Apple faces it as a computer security researcher
The soap opera Apple and the firm Corellium continues to take a more or less unsightly turn and this affects the entire sector.
The Cupertino firm would necessarily like to put the start-up at the foot of the wall.
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A few months ago, Apple filed a lawsuit against Corellium for making available computer security researchers, virtual machines running on iOS, with the goal for security researchers to be able to conduct tests on Apple's ecosystem without going through jailbreak. For the American giant, this is clearly an infringement of the protection of its intellectual property, because it has never consented to the development of such a tool as well as its deployment. In a sense, we can say that Apple is totally within its rights. However, Cupertino's hard work against Corellium continues to cause a lot of misunderstanding and worsen its poor relations with security professionals. This only develops and reveals the resentments that have always existed towards Apple.
That's why the vast majority of IT security specialists mentioned that the Cupertino firm didn't really help them with their tasks. And this is even highlighted by the fact that the apple brand took a long time before setting up the Bounty bug system for its devices and systems. And even when it was introduced in 2016, the program was originally only available to a limited number of hackers who were hand-picked. It was not until long after the American firm finally fell to let others participate in its program, long before many other companies of its caliber. This sudden turnaround has no other explanation than the appearance of security vulnerabilities on iPhones for some time. Enough to push American society not only to allow anyone to participate from now on in its Bug Bounty programs but with huge rewards.
But all this hasn't stopped the disgruntled, especially these times when Apple has made a limited selection of security researchers, to whom it has given jailbroken iPhones for their research. Leaving other specialists to fend for themselves, forcing some to buy iPhones to unlock on the black market at often extreme prices. It is in such a context that the solution proposed by Corellium is timely, proving to be very practical as an alternative, because it saves much more time.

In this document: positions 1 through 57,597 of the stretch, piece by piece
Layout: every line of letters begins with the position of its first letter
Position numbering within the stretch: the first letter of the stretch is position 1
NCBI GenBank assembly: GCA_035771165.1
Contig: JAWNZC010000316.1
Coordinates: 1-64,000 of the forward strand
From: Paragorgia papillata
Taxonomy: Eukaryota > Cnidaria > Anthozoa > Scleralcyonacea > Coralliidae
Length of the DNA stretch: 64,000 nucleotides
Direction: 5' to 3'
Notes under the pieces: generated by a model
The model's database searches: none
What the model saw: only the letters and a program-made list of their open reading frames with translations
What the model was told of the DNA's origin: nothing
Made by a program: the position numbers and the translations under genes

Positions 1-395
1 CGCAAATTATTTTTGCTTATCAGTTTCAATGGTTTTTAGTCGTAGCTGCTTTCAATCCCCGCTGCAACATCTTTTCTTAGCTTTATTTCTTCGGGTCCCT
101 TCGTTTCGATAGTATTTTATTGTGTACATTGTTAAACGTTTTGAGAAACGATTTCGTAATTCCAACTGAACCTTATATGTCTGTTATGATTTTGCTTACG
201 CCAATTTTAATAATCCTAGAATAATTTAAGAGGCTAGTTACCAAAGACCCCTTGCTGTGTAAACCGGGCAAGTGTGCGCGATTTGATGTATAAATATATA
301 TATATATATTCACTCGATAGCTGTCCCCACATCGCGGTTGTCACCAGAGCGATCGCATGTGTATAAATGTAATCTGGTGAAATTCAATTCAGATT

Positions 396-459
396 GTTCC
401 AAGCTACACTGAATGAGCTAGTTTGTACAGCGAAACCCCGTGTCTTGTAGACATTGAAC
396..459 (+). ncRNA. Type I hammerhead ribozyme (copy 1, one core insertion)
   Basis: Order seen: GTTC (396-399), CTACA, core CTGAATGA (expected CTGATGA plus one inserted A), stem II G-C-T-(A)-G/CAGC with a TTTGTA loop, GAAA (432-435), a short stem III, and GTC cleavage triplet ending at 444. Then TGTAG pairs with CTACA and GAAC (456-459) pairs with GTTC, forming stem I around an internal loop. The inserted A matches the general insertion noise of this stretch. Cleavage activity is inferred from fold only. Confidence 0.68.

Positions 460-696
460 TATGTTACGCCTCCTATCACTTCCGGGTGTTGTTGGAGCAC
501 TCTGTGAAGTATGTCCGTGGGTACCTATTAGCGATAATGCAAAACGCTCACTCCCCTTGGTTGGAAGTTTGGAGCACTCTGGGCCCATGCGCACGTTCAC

While the American giant pointed out in its complaint that its objective is not to obstruct computer security research in any way, it remains that the background it has with several researchers aggrieved by its behavior makes it difficult to believe with such statements, believing that the latter seeks only excuses and would seek behind his complaint , to limit searches yet on iOS. Apple also noted that it would not allow its operating system to be marketed fraudulently for any reason. On Twitter, MalwareTech wrote on the issue: "Apple wants to keep control over the research and the flaws that result from it. His intention is probably to prevent researchers from selling loopholes to brokers."
In its defense, Corellium claims to have participated in several Bounty bug programs launched by Apple. This is using these virtualization technologies that have allowed it to deliver certain security flaws to the American giant. That at no time: "Apple has never made any remarks about a possible intellectual property infringement," a legal document read.
Obviously, Apple's legal action is bearing fruit. Indeed, the giant said the start-up was inciting people who used its software to sell the flaws to the highest bidders. To avoid reprisals from the American giant, many researchers prefer not to turn to Corellium and its solution.
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